MELISSA BLOCK, HOST:
The U.S. Women's National Soccer Team is home from the Olympics with gold medals. They got redemption by winning the final over Japan, after losing to Japan in last year's World Cup. But the women's team comes home to an uncertain future. The U.S. Women's Professional Soccer League folded earlier this year, which means there's no top-level league where they can play.
To talk about the future of women's soccer and more, I'm joined by one of the most exciting players to watch, midfielder Megan Rapinoe who had three goals and four assists during the 2012 Olympics. She is so popular that her short, bleached blond hair has its own Twitter feed.
Megan Rapinoe, welcome to the program.
BLOCK: Thank you for having me on.
I want to hear your thoughts during the medal ceremony, after what turned into a real nail-biter of a game against Japan in the final. What were you thinking?
I mean, just is this real? I kept saying we did it, we did it, we did it. But it doesn't - it's like you know that you did it and you know that this is the culmination of all your hopes and dreams as a child. But it's very surreal to be stepping up on that podium and have that gold medal, and to see your flag rise. And it's really incredible.
Have you thought about that when you were a kid playing soccer growing up?
Oh yeah, totally. Especially the Olympics, I'm totally obsessed with the Olympics. You know, every fourth summer rooted in front of the TV watching every back-story, and then I'm still that way. So all my life it was to be in that moment, and you just think I just can't believe this is real.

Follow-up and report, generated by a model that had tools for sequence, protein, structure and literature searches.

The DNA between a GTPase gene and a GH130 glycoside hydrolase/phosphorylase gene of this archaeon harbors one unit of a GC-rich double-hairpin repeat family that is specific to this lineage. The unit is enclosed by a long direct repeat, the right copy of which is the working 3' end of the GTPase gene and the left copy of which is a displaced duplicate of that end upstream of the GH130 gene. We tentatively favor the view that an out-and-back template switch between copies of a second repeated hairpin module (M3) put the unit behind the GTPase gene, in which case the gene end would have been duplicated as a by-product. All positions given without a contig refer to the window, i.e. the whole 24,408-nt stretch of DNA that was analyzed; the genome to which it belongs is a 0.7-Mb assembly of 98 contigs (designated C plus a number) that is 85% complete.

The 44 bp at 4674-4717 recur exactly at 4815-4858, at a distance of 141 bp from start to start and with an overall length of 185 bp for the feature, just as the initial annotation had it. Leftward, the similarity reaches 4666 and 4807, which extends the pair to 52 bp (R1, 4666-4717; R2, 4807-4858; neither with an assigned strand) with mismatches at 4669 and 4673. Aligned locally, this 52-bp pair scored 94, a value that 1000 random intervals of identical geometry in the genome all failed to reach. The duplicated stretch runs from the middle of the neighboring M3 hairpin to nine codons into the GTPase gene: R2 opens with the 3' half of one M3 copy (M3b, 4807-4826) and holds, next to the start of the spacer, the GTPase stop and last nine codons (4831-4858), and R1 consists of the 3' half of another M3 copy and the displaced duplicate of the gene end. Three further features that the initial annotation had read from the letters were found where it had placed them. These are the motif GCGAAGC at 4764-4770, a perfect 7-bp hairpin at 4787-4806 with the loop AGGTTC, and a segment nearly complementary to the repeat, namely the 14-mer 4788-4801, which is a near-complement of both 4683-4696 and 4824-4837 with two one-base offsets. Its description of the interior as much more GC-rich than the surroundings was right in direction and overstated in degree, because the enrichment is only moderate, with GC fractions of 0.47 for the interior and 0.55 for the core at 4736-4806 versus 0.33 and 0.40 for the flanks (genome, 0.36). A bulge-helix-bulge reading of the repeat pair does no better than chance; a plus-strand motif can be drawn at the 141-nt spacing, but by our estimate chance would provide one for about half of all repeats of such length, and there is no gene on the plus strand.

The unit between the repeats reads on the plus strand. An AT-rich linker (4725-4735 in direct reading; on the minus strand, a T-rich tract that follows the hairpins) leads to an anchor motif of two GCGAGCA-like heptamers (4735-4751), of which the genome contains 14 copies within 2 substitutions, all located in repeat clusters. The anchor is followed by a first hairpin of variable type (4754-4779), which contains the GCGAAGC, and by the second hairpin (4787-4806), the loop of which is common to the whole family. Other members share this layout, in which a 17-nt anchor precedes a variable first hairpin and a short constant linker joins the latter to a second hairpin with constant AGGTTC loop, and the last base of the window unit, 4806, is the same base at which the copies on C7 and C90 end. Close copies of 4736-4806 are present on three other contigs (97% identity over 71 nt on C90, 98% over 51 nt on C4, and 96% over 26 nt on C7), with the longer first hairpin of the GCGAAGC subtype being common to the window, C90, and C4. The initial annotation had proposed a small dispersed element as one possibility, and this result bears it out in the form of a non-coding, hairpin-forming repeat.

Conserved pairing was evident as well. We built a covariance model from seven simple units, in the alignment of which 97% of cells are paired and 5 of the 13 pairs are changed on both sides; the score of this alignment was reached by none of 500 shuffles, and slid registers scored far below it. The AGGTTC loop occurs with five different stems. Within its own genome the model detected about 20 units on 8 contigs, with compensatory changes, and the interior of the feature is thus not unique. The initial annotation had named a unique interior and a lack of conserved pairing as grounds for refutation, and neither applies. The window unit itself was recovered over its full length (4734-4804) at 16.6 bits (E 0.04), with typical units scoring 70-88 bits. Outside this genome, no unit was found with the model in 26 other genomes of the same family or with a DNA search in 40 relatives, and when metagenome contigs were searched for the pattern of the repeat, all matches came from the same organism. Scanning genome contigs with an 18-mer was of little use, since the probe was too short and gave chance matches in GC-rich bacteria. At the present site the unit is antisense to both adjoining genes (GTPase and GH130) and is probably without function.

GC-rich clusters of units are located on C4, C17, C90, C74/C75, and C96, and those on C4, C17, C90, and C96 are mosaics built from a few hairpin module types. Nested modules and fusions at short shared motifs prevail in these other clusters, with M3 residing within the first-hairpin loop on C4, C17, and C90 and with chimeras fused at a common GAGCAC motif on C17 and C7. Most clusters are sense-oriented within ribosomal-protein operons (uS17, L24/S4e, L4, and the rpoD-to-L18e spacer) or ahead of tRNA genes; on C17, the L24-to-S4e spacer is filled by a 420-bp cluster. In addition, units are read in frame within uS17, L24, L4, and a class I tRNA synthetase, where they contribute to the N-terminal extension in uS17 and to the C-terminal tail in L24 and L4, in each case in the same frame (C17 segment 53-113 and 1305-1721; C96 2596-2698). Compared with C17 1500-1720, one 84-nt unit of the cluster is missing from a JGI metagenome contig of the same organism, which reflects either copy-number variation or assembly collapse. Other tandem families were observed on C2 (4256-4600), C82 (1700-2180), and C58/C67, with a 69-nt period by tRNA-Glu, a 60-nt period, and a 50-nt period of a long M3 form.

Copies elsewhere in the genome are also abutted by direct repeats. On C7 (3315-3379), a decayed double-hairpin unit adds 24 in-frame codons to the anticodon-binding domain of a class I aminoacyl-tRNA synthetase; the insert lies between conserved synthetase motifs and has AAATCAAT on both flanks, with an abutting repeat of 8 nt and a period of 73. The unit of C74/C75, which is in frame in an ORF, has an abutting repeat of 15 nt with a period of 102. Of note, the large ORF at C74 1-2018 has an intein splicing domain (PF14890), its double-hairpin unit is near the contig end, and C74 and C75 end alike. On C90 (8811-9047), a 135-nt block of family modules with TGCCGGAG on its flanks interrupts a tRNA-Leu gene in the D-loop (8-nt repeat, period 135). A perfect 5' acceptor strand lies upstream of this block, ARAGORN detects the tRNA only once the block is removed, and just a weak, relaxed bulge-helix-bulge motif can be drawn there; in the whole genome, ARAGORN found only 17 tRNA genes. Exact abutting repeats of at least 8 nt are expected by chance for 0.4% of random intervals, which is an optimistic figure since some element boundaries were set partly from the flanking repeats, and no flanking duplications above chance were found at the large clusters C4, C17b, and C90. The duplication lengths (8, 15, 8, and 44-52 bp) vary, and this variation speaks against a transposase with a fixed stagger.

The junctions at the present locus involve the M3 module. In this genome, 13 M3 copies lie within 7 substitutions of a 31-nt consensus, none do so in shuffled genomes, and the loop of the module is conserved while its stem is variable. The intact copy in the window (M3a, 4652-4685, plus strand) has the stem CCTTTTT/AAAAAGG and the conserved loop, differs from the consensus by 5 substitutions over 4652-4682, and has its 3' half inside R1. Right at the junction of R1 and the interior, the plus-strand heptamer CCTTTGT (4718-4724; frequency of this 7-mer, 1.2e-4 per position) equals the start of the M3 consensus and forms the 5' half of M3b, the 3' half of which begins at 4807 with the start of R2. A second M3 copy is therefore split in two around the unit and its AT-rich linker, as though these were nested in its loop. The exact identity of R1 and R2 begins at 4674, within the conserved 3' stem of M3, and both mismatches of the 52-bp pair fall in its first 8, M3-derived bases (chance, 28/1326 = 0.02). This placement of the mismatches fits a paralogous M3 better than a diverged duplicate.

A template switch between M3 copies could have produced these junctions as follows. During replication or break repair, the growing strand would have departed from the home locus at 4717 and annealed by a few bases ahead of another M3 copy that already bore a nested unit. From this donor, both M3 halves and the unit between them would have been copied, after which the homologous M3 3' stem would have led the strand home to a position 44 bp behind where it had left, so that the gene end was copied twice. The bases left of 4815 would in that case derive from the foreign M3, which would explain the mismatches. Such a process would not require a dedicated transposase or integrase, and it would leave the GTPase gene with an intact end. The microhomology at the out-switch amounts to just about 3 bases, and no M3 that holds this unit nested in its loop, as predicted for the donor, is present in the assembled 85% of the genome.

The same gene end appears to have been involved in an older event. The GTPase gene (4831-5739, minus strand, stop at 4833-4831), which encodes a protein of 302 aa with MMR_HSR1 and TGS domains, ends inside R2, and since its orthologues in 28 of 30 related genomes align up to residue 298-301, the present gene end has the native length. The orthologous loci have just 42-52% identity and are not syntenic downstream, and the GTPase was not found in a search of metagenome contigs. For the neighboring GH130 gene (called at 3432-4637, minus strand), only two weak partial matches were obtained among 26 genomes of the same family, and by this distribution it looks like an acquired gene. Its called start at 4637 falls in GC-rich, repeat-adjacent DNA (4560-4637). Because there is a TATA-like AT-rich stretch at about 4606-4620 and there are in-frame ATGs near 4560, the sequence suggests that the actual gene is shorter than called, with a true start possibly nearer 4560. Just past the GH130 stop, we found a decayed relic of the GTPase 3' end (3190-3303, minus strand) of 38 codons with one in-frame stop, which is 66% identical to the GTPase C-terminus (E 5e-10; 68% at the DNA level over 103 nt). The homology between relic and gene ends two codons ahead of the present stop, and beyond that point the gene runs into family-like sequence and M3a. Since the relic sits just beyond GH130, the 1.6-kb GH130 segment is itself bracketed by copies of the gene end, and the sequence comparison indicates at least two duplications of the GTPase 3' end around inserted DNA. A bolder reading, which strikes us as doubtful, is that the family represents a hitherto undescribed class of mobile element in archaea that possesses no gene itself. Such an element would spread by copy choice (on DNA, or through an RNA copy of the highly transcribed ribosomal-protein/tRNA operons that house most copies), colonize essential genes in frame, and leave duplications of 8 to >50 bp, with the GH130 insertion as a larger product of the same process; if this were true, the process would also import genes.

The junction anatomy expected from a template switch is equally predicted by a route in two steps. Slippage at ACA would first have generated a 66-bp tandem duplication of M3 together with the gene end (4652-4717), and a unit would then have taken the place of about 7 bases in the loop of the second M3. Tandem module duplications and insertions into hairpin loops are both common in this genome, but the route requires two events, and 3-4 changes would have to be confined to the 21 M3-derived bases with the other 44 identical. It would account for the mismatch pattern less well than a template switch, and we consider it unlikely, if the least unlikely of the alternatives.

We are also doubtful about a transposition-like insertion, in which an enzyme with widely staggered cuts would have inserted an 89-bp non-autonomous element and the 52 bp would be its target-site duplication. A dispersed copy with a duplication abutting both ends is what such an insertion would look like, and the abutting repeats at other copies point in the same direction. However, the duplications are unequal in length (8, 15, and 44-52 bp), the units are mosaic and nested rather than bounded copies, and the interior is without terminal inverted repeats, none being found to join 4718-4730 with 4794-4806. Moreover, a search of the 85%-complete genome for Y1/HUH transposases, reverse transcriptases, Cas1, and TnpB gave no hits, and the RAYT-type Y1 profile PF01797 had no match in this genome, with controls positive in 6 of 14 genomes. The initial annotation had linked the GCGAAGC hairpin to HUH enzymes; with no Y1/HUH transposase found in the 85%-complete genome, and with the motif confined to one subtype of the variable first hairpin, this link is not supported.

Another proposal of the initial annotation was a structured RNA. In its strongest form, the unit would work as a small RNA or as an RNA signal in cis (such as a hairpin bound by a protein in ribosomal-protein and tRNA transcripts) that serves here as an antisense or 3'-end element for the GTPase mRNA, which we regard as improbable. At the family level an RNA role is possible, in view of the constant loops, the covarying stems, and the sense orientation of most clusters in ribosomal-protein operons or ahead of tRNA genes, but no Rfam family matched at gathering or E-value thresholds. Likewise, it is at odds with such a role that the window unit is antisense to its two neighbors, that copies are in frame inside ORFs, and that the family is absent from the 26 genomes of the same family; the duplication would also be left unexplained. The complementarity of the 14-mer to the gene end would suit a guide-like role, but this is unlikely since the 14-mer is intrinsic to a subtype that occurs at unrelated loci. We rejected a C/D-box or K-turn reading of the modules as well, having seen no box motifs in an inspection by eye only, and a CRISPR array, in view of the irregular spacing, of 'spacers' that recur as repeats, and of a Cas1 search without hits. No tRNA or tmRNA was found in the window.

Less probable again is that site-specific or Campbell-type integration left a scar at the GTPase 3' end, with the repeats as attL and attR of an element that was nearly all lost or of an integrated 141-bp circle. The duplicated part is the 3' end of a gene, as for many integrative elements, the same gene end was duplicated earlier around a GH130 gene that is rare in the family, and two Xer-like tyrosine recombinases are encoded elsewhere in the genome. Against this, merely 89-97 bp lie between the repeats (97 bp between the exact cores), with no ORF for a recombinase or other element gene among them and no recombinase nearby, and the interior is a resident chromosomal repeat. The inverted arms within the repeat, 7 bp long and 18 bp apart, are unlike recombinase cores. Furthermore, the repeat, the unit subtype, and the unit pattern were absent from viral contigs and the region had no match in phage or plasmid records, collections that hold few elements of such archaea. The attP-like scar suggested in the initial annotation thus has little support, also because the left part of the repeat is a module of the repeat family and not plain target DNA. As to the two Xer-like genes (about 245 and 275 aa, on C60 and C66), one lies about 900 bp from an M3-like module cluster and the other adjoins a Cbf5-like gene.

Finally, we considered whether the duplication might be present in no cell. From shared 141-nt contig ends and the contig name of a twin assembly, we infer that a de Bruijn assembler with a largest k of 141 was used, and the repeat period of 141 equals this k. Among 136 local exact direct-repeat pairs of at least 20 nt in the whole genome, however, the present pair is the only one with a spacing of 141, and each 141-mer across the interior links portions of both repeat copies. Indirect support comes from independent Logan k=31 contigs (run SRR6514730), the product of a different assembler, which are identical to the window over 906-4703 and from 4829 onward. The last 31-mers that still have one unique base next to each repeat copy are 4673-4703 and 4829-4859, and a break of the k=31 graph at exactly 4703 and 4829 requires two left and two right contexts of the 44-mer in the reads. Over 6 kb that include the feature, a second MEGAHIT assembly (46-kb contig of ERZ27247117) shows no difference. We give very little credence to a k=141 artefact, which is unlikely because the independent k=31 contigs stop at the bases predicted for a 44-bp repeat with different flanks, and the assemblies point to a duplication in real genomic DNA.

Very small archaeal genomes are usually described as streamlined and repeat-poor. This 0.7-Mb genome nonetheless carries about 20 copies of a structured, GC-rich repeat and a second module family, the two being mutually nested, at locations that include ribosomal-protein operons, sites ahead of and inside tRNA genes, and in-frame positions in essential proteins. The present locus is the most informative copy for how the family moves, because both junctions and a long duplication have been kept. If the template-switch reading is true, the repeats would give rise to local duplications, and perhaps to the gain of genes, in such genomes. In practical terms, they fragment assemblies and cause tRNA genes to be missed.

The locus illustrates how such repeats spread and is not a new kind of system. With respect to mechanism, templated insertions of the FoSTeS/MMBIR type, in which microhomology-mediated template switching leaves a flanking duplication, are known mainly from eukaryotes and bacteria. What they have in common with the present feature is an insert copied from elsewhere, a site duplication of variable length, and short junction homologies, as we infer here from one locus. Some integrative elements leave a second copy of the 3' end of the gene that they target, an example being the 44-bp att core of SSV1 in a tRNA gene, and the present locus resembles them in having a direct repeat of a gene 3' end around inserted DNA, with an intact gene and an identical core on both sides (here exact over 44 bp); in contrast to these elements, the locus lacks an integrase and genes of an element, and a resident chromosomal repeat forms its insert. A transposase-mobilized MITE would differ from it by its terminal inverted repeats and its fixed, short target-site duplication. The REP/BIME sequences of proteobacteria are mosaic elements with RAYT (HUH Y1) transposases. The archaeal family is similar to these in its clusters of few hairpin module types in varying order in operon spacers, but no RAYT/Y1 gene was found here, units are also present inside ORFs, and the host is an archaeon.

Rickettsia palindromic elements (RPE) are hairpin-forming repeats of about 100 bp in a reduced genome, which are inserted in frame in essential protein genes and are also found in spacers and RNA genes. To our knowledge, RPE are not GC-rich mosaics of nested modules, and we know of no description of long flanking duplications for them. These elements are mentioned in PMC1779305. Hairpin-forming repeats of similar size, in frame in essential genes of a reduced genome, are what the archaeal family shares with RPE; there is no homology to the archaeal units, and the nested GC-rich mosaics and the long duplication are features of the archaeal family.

Well, you're home now in the national team does have some victory tour, international matches are lined up. But, as we said, there is no U.S. women's professional league. What are you going to do? Are you going to play overseas, play in a semi-pro league here?
I'm playing it by ear for now. We'll be very busy throughout the fall, which is a good thing. And I mean, I think the popularity of women's soccer is at a place it's never been before; so many viewers, so many fans, so much interest. And hopefully that can motivate one of the things that really needs to make it happen, which is the green. We need money. We need that funding.
You know, until then, we might have to go overseas and I'm not opposed to that. But I think it's necessary that we have a league here.
There is a real disconnect there, isn't there, with the popularity that you talked about and the level of support. Are you frustrated that the women don't get support from major league soccer? I mean, one idea has been to partner women seems with the men's teams and have all the financial benefits that would come from that. But that hasn't happened and there doesn't seem to be a wave of support in that direction.
Mm-hmm, I mean it's interesting. I know that it's taken MLS a long time to get to where they are. And they lost a lot of money for a lot of years, and maybe are still losing a little now. And I can understand not wanting to take on a team where you're pretty much guaranteed to lose a bit of money every year.
MEGAN RAPINOE: But I think, with our growing popularity now, put us in any stadium and we'll try to fill it and, usually, we do a pretty good job of that.
BLOCK: How damaging is it to the sport, do you think, and to the development of the game to not have a women's professional league?